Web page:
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BREAKING NEWS.......

We can now offer evening and weekend appointments. Please see 'Latest News' for full details

Call 111 when it's less urgent than 999

If you need medical help fast, but it isn't a 999 emergency, you can now call NHS 111.  NHS 111 will assess you, provide advice and direct you straight away to the local service that can help you best.  NHS 111 is available 24 hours a day, 7 days a week and calls are free, including from mobiles.

For more information visit www.nhs.uk/111

Phone calls

Please note that phone calls to the surgery are recorded for training and monitoring purposes

Cancelling your Appointment

If you are unable to attend an appointment with one of the doctors or nurse, please telephone or use the link at the bottom of this page to cancel your appointment.

You can also text a message to us on 07554 071577. Don’t forget to add your surname

Family Health

Planning Your Pregnancy

Child Health 0 - 6 Years

Child Health 7 to 15 Years

Men

Mens' Health

Five health symptoms men should not ignore:

"British men are paying the price for neglecting their health: more than 100,000 men a year die prematurely.

On average, men go to their GP half as often as women. It's important to be aware of changes to your health, and to see your GP immediately if you notice something that's not right." Find out more


Prostate Cancer

Each year about 36,000 men in the UK are diagnosed with prostate cancer, making it the most common cancer in men. It mainly affects men aged over 50.

The prostate glandSymptoms

  • difficulty in starting to pass urine
  • a weak, sometimes intermittent flow of urine
  • dribbling of urine before and after urinating
  • a frequent or urgent need to pass urine
  • rarely, blood in your urine or semen and pain when passing urine

These symptoms aren't always caused by prostate cancer but if you have them, see your GP.

Find out more about the symptoms, causes and diagnosis of prostate cancer by using the resources below.

Resources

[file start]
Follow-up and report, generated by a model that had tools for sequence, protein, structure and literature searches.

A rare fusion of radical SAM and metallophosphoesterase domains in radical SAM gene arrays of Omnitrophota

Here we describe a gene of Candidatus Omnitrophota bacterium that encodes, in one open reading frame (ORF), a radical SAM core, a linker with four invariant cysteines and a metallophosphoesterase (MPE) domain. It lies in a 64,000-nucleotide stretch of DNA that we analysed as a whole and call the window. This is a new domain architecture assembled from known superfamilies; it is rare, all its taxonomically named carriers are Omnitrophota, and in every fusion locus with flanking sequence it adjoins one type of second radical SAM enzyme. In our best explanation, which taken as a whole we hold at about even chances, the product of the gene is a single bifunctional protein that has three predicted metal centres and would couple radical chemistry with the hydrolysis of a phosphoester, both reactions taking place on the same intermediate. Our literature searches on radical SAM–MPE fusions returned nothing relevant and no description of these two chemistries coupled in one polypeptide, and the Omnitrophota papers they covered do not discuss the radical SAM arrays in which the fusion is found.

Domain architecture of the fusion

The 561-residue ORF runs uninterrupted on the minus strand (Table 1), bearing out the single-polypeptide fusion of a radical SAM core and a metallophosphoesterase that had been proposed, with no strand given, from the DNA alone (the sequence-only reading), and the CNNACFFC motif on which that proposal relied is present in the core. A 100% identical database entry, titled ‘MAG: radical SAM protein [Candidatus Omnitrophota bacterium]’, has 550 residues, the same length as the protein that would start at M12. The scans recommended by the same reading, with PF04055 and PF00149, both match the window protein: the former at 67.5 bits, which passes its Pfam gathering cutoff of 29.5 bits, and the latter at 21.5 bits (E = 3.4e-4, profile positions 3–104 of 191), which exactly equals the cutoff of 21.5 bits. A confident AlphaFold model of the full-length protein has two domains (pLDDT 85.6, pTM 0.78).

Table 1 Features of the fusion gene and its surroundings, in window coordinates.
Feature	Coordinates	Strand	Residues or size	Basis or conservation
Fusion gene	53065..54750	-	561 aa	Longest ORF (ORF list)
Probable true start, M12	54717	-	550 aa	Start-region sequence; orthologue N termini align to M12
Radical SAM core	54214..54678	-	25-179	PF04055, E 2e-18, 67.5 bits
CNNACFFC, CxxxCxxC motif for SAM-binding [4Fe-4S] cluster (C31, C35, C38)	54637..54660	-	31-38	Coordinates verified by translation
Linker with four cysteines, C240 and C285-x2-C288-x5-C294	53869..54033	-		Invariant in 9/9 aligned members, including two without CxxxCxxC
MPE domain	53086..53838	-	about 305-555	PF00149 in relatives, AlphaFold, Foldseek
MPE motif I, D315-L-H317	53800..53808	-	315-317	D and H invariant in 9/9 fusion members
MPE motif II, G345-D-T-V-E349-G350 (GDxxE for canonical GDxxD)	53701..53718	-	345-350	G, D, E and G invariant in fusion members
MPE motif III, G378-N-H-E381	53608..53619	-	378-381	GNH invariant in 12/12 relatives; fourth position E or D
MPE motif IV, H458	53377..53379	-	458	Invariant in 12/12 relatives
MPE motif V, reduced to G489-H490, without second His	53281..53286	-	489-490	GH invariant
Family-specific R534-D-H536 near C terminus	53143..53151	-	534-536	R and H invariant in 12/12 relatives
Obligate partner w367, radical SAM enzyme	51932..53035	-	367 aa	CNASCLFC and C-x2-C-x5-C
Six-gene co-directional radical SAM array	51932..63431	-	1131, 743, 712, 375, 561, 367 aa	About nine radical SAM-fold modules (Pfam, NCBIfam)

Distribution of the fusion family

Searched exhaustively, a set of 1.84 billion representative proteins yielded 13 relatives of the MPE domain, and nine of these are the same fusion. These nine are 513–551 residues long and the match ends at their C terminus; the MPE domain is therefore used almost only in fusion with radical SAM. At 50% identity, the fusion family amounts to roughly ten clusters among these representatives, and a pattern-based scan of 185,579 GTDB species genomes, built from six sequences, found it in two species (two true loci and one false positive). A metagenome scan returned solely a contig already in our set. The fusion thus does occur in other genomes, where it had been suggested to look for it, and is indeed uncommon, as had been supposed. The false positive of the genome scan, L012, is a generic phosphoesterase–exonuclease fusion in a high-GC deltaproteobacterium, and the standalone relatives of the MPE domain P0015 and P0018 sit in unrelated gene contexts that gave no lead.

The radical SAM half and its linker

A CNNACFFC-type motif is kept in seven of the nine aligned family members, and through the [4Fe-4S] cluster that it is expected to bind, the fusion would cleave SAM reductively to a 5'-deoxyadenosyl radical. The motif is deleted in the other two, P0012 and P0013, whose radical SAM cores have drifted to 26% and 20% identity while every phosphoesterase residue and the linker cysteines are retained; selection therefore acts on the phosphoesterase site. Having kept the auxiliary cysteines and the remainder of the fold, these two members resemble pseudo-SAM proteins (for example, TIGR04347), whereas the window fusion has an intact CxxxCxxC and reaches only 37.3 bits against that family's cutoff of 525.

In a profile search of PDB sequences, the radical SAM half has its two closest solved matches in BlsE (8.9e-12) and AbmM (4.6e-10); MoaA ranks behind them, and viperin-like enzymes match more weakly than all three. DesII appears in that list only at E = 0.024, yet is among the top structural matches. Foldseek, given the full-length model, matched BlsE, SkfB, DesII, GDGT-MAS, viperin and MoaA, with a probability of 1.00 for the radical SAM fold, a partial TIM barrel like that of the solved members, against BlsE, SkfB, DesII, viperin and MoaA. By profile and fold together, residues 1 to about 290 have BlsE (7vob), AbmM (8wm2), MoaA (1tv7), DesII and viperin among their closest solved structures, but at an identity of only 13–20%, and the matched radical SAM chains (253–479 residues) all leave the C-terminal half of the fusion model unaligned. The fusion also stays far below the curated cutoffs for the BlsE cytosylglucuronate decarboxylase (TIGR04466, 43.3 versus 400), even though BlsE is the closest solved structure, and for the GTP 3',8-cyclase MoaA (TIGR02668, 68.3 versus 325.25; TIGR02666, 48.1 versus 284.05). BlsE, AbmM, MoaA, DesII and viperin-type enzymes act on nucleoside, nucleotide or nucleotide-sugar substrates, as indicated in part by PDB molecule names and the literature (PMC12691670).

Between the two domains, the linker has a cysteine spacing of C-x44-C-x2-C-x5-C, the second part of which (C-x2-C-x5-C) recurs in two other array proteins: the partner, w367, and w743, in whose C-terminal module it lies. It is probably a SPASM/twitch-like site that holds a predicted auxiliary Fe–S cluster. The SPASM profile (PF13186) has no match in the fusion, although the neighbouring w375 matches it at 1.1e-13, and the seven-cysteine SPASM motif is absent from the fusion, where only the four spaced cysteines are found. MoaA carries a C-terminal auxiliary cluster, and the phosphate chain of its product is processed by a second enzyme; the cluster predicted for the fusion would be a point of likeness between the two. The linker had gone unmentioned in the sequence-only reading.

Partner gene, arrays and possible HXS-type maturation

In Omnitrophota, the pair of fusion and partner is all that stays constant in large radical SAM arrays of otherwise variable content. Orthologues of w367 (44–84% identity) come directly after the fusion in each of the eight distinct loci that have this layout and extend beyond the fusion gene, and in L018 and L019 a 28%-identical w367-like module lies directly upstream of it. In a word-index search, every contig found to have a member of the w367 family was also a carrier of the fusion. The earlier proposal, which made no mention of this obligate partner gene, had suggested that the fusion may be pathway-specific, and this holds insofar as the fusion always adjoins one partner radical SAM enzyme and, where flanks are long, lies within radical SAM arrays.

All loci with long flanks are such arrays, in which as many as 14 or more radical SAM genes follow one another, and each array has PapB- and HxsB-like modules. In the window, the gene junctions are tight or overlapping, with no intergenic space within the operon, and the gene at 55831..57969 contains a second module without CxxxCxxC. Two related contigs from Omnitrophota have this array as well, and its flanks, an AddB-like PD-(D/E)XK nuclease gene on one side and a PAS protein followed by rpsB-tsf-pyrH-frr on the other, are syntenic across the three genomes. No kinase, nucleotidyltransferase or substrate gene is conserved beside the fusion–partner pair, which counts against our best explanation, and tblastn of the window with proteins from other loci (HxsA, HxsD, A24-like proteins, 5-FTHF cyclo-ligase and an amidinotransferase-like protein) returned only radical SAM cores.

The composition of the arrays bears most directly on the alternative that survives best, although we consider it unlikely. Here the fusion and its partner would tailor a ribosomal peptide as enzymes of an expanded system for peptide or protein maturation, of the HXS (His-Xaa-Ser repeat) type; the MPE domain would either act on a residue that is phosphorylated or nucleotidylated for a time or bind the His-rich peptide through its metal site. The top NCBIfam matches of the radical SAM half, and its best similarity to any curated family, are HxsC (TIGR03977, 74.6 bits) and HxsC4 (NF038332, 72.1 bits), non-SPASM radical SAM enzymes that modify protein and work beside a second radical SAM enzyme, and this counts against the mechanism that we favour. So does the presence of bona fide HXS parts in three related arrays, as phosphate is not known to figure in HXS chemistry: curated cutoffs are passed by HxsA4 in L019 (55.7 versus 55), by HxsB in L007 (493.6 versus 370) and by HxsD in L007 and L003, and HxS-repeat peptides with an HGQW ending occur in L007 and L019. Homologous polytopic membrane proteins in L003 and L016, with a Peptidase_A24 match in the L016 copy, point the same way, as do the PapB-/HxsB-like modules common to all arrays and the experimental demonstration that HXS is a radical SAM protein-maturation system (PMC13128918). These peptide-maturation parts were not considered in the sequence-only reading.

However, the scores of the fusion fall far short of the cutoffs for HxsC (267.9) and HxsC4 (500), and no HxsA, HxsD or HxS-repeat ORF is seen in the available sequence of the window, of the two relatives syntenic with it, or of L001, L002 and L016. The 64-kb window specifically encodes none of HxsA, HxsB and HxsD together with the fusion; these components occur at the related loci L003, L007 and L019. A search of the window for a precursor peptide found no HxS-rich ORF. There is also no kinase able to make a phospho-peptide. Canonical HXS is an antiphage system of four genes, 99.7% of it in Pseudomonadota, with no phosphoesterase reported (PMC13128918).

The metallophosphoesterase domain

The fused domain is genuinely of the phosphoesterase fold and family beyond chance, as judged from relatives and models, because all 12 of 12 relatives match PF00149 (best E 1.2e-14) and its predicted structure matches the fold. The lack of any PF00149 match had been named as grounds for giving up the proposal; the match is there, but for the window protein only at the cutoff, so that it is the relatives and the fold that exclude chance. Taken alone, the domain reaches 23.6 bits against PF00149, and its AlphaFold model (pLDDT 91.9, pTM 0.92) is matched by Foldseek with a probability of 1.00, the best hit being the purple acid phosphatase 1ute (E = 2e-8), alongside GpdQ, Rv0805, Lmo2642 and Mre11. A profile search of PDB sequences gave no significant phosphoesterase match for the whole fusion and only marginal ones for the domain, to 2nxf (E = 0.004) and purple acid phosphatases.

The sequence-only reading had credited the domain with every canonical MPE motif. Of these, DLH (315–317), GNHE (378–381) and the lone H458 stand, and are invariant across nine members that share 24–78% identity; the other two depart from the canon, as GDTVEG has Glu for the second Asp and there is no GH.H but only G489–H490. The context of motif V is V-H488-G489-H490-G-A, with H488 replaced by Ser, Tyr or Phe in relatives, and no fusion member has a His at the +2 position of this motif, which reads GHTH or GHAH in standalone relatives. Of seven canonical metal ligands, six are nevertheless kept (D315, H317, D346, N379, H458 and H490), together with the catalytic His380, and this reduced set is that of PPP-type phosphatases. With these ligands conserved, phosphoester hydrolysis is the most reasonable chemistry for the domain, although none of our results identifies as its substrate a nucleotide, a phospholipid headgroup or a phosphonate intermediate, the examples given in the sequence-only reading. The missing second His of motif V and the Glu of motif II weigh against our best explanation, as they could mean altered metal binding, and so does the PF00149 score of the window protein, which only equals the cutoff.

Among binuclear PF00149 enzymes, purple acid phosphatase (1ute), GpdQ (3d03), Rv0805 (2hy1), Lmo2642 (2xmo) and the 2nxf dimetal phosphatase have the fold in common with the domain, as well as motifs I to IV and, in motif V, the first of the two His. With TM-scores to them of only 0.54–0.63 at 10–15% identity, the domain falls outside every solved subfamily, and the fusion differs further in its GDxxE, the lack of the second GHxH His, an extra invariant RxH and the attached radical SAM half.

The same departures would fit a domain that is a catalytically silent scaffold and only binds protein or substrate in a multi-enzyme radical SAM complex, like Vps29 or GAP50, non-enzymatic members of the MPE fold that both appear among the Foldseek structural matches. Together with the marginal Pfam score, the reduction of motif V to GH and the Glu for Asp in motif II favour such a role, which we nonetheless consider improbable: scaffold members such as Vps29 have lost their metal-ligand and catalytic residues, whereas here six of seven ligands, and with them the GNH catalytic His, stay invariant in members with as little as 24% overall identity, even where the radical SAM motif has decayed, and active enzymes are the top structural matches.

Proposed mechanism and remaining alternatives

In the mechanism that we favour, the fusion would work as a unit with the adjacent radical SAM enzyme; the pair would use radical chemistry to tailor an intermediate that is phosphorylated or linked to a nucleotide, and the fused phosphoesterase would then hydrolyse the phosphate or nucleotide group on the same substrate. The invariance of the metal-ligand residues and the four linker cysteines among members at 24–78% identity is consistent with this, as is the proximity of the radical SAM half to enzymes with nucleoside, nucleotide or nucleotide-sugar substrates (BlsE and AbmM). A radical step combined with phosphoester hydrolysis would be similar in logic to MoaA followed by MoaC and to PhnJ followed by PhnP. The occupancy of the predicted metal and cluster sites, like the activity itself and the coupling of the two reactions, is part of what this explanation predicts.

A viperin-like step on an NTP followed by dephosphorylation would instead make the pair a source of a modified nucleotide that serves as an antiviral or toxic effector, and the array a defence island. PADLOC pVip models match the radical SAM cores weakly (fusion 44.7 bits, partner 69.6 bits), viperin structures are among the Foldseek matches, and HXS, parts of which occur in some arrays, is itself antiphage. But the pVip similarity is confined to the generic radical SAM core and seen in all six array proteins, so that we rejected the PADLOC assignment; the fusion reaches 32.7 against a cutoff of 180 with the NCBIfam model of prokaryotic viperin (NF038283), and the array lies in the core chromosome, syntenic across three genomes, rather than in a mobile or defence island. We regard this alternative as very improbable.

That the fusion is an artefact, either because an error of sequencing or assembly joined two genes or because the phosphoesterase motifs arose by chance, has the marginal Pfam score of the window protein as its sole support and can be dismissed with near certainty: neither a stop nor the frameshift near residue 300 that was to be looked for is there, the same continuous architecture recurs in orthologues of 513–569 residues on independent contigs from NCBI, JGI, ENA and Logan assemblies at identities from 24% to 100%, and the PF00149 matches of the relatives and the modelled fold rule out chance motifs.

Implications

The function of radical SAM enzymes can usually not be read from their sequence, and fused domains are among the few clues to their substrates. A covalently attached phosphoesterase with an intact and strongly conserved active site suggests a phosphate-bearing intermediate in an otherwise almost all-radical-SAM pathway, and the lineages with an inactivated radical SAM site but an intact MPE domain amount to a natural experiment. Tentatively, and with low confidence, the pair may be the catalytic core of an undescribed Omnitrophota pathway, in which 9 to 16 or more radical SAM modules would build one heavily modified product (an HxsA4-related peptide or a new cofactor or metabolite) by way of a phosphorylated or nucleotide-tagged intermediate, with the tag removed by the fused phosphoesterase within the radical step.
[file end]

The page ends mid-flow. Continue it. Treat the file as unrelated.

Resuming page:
BUPA - Prostate Cancer

NHS - Prostate Cancer


Testicular Cancer

Testicular cancer, though the most common cancer in young men, it is still quite rare. With 2000 new cases being diagnosed each year, this makes it the biggest cause of cancer related death in 15 - 35-year-old males. It accounts for around 70 deaths a year within the UK alone.

What to Look Out For

The most common symptom of testicular cancer is swelling or a pea-sized lump in one of the testes (balls). There is no current screening test therefore it is important that you look out for the following signs and symptoms.

  • A dull ache, or sharp pain, in your testicles, or scrotum, which may come and go
  • A feeling of heaviness in your scrotum
  • A dull ache in your lower abdomen
  • A sudden collection of fluid in your scrotum
  • Fatigue, and generally feeling unwell.

Resources

NHS - Information on Testicular Cancer

BUPA - Testicular Cancer


Sexual Problems

It’s estimated that one man in 10 has a problem related to having sex, such as premature ejaculation or erectile dysfunction. Dr John Tomlinson of The Sexual Advice Association explains some of the causes, and where to seek help.

Find our more on NHS


NHS Conditions and Treatments

See the NHS Conditions and Treatments browser for an in-depth description of many common health issues.

Women

Seniors

Sexual Health

 
Call 111 when you need medical help fast but it’s not a 999 emergencyNHS ChoicesThis site is brought to you by My Surgery Website